A new study has found that feeling socially isolated is linked to cellular changes that weaken the immune system and increase inflammation in the body.
Ah, solitude. What feels refreshing to some can be crippling for others.
Feeling isolated from other people when we wish we weren’t isn’t just unpleasant. It’s also bad for us.
Whether it strikes late at night when we are alone, or in the form of feeling like you don’t belong in the middle of a crowded party, the sharp sting of social isolation is unmistakable.
And it’s not just in our heads; the effects of that sensation are felt deep inside our bodies, at the level of our cells and DNA.
These kinds of physiological changes, say the authors of a new study, help explain the link seen in earlier studies between social isolation and poor health. This includes an increased risk of early death among the chronically lonely.
Researchers from the University of Chicago and other institutions found that perceived social isolation — the feeling of loneliness — was associated with a weaker immune system and increased inflammation in the body.
They suggest that these changes result from the effect of loneliness on the activity of certain genes — a phenomenon called “conserved transcriptional response to adversity,” or CTRA.
These results were seen in 141 older adults who participated in the study, as well as in a group of rhesus macaques, a type of highly social monkey.
The study was published online this week in the Proceedings of the National Academy of Sciences.
In earlier studies, the researchers showed that loneliness could shift the activity of genes involved in inflammation and the immune system’s response to viruses.
In the new study, researchers found that perceived social isolation and the CTRA type of gene expression were reciprocal and long-lasting.
People who showed signs of loneliness were more likely to have those kinds of gene activity changes even a year or more later.
And people with the CTRA gene expression tended to score higher on a self-reported questionnaire of loneliness used in the study, also up to a year later.
The researchers suggest that loneliness and the changes occurring at the cellular level may feed off of each other to continue the cycle of loneliness.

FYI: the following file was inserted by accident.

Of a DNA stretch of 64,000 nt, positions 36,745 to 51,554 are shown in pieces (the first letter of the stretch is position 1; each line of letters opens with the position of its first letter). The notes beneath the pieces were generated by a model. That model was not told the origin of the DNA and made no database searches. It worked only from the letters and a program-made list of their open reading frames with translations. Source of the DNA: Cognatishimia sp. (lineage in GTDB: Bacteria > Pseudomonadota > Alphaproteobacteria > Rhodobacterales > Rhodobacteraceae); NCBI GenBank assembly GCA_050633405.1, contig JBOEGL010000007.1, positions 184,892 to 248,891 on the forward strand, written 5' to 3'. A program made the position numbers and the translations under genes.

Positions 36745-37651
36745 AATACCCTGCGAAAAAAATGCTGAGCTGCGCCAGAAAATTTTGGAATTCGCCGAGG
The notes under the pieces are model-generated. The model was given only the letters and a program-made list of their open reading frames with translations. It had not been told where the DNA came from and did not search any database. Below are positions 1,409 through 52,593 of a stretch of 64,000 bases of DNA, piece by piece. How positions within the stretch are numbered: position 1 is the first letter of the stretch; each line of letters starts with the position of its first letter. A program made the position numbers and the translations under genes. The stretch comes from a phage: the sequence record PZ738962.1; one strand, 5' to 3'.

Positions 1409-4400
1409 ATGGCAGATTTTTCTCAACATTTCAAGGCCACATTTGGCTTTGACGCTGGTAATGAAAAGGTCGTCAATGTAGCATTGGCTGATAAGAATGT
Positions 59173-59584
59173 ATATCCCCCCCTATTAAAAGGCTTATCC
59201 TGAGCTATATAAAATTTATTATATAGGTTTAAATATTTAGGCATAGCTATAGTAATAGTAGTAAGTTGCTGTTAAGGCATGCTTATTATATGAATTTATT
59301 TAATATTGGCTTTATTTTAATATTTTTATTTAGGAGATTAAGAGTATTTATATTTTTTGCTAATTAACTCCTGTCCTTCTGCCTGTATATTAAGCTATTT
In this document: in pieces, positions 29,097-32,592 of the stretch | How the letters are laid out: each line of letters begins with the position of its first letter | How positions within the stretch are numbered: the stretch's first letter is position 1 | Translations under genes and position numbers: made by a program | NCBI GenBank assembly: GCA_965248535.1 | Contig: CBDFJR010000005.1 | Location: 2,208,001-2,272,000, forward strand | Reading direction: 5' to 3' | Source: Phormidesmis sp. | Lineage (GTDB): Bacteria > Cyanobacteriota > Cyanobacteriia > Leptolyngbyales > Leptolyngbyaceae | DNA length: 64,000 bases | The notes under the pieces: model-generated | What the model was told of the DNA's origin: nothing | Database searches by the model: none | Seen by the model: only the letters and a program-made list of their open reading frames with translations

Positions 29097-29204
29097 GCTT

These changes were strictly linked to loneliness and not to stress, depression, or a person’s level of social support.
The researchers also found that lonely people and lonely monkeys both had higher levels of a type of immune system cell found in the blood called immature monocytes. These cells showed the CTRA type of gene activity.
This was accompanied by an activation of the body’s “fight-or-flight” stress response. One of the hormones involved in this response is known to stimulate the production of immature monocytes.
Adding support to loneliness as a type of stress, monkeys that were exposed to mildly stressful social conditions saw a similar jump in the number of immature monocytes.
In the new study, when lonely monkeys were exposed to the simian immunodeficiency virus — the monkey version of HIV — the virus grew more quickly in the brain and blood.
These types of cellular changes may explain some of the long-term health effects of loneliness seen in previous research.
A study earlier this year by another group of researchers found that social isolation, loneliness, and living alone all increased the risk of dying early.
The researchers looked at each of these factors separately because they don’t always occur together. Some people can feel lonely even while surrounded by people. Others may prefer to be alone and never experience loneliness.
“The effect of this is comparable to obesity, something that public health takes very seriously,” study author Julianne Holt-Lunstad, Ph.D., a psychologist at Brigham Young University, said in a press release. “We need to start taking our social relationships more seriously.”
Most social isolation research has focused on how loneliness affects the health of older adults.
Another study earlier this year found that older adults who reported feeling lonely visited their doctor more often compared to those who weren’t lonely.
The Brigham Young University researchers, though, discovered that loneliness and social isolation were better indicators of early death in people younger than 65 years old.
As researchers probe the effects of loneliness at the cellular level, questions remain of why so many people feel lonely.
A 2006 study suggests that since 1985, Americans have become more socially isolated. They also have fewer close family and friends to talk with about important topics.
Many people have blamed the Internet and new technology for this shift in society. People who frequently go online are more distracted and disconnected from others, they say.
A 2009 report by the Pew Research Center, though, found that technology is not all that bad.
Internet users were just as likely as nonusers to visit face-to-face with their neighbors. And cell phone users and bloggers were also likely to belong to a local volunteer group.
And technology also seemed to be making people’s close circles more diverse. Regular users of social media had more people from different backgrounds than their own to communicate with.
But whatever is causing loneliness, it’s clear that there can be long-term effects on your health. And loneliness may require professional treatment in the same way as other mental health issues.